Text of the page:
Tina Mahony, co-founder of London design store Go Modern, had a laugh-out-loud moment when confronted with Mogg’s Bla Bla suspension lamp at this year’s Milan furniture fair – a reaction that would have likely pleased designer Emanuele Magini. His LED light (from £540) – shaped like a speech bubble outlined by a heavy black frame – could have been plucked straight from a comic book and, although simple, spoke volumes about the intelligent and humorous approach that informed its design. Mahony immediately saw a winner for her store, which satisfied the growing demand for a strong graphic aesthetic. “It’s such a fun piece and typical Mogg – inventive but also beautifully made and rather lovely,” she says. “It’s the perfect talking point.”
Strong graphic silhouettes were a notable theme at the Milan show. “Furniture and lighting designs were stripped back to little more than minimal black frames by many designers, some reminiscent of architectural pen sketches on paper,” says Habitat’s head of design Kate Butler. “They appear simplistic in terms of structure and material, but can create dramatic impact.”
Back in London, a recent residential project by interior designer Katharine Pooley elegantly illustrates this. The focal point of the living space is a pair of matching bespoke sofas with graphic black lacquer frames (price on request), which Pooley designed to heighten the sense of theatre in the monochromatic scheme. “The contrast against the sleek ivory linen upholstery is striking,” she says.
Simplicity is key to the visual strength of graphic furniture, but that does not mean it lacks character, especially when conceived with a witty, irreverent touch. The Sott’Archi floor lamp (£1,440) – another creation by Como-based Mogg – is reminiscent of a stork standing on one leg, with a flexible arm that can be twisted into multiple positions or extended up to 3m to take the lamp head where needed. Apart from its functional attributes, the light is a stylish example of an item that is at once simple and emotive. “The narrative and emotional aspects of a design are often those that interest us most,” says Nicola Galbiati, the brand’s founder and art director. “It’s essential that a piece surprises in some way and has something new to say. These lights are more than playful – they are ironic and evocative.”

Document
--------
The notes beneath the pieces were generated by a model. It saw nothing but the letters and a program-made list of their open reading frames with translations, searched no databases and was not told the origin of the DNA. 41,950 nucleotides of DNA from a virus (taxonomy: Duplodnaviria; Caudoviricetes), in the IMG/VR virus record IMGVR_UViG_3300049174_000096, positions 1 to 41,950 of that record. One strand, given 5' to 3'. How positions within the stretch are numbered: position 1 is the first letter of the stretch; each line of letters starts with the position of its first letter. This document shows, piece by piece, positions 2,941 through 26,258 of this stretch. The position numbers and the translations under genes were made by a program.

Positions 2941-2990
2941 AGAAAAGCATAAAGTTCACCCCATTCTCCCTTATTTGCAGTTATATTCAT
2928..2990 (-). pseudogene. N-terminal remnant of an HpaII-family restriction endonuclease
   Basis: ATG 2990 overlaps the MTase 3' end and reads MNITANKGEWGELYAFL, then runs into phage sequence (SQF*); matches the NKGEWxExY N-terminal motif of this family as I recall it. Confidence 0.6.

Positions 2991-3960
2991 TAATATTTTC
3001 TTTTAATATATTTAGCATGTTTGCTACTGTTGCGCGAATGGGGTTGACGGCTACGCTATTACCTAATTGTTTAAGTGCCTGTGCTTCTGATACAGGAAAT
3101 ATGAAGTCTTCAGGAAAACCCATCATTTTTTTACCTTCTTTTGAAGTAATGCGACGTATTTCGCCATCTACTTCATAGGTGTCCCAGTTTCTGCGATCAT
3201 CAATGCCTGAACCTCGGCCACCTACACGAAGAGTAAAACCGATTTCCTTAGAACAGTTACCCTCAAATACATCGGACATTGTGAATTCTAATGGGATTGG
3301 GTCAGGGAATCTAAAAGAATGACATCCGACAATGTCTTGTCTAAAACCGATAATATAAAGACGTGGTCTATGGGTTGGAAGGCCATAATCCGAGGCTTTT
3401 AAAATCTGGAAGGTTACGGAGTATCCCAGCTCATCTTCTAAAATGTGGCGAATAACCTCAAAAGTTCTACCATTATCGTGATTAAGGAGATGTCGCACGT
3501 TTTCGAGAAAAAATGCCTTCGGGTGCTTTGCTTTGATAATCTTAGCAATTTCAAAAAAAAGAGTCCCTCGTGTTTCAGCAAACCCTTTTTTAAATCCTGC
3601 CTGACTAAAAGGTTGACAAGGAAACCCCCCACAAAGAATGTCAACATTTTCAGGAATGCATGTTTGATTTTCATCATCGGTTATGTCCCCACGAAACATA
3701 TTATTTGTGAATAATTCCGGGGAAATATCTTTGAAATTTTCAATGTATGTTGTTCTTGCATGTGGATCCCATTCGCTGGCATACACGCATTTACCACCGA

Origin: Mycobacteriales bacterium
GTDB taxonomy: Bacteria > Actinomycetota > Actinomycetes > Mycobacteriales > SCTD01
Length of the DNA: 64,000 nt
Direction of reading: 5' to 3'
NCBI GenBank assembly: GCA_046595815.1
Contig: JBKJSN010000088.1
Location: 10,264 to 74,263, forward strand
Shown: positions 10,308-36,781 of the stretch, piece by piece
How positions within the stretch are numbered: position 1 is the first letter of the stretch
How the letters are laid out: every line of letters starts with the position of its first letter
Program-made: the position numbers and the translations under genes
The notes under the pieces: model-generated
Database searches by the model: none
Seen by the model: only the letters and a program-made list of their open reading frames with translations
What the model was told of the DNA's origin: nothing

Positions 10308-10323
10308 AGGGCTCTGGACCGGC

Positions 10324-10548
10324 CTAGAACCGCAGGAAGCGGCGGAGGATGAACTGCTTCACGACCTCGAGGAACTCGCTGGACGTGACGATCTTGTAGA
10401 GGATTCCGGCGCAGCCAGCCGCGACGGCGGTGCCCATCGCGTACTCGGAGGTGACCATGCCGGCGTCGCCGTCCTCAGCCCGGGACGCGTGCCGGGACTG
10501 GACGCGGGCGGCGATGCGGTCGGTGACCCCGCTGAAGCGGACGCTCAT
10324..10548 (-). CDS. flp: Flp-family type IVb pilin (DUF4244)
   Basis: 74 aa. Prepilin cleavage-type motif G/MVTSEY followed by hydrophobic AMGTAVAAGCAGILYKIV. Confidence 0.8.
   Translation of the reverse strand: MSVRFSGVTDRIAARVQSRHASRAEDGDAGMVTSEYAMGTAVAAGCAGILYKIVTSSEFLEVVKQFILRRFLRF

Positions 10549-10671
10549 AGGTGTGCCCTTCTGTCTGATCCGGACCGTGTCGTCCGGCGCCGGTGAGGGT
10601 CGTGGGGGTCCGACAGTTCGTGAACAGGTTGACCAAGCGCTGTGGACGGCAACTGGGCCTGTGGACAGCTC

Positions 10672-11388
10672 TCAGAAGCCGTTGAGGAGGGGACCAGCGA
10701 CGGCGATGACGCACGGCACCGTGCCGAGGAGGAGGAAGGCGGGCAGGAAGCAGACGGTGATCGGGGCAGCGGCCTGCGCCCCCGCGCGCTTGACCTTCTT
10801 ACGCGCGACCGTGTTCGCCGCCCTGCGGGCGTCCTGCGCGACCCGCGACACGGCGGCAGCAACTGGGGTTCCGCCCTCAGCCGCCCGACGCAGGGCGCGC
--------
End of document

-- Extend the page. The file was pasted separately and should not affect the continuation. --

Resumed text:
Argentinian designer Cristian Mohaded – a rising talent who already has a piece in the permanent collection of the Musée des Arts Décoratifs in Paris – took a similar approach with his Zeppelin storage unit (from £2,810) for Roche Bobois, which, as its name suggests, recalls the shape of an airship. Humour also comes into play in Dmitry Samygin’s series of marble-topped Croquet tables (from £920), also for Roche Bobois. Their black steel frames riff impishly on the shape of croquet mallets, which becomes obvious once the connection is made. “These two young designers are enriched by different cultures and influences, which informs essential yet engaging designs,” says Nicolas Roche, the furniture brand’s creative director. “The pieces are simple, but do not fail to articulate the story embedded in them.”
Pavlo Schtakleff, co-founder of furniture firm Sé, believes that unexpected details “can make a piece of furniture irresistible. It’s important to combine elegance with a sense of approachability and warmth, so that our homes convey the same qualities.” Sé was established in 2007 and its design stable already includes heavyweights such as Jaime Hayón and Ini Archibong. The latter used slender frames to play with proportion in his Circe lounge chair (from £4,075) and sofa (from £9,430), which are part of the Collection IV series of furniture, Archibong’s largest to date. “The oversized bulbous seat contrasts with the frame, resulting in a design that seems almost animated – it creates character as well as comfort,” Schtakleff says.
One distinct advantage of framework furniture is its visual transparency. The fine wirework of Habitat’s Dolton coffee table (£195) and Tabitha lounge chair (finished in black or gold, £275), for example, lends an air of weightlessness to their sturdy structure. Elena Salmistraro adds a stylish twist to this optical illusion with her TouTou stool (£430) for Mogg, which features a base composed of slim metal rods inspired by the swirl of a pirouetting ballerina’s dress. AC/AL Studio’s signature style, meanwhile, is defined by the rigorous outlines of its furniture – from its Ossau desk (€2,400) and Strat sideboard (€990) to its steel-framed Trame chair (€394) for Petite Friture. “Practically speaking, designs that allow light to flow through them create a sense of spaciousness within a room,” says Habitat’s Butler. “The fact they’re ‘see-through’ also ensures they integrate easily into an existing scheme.”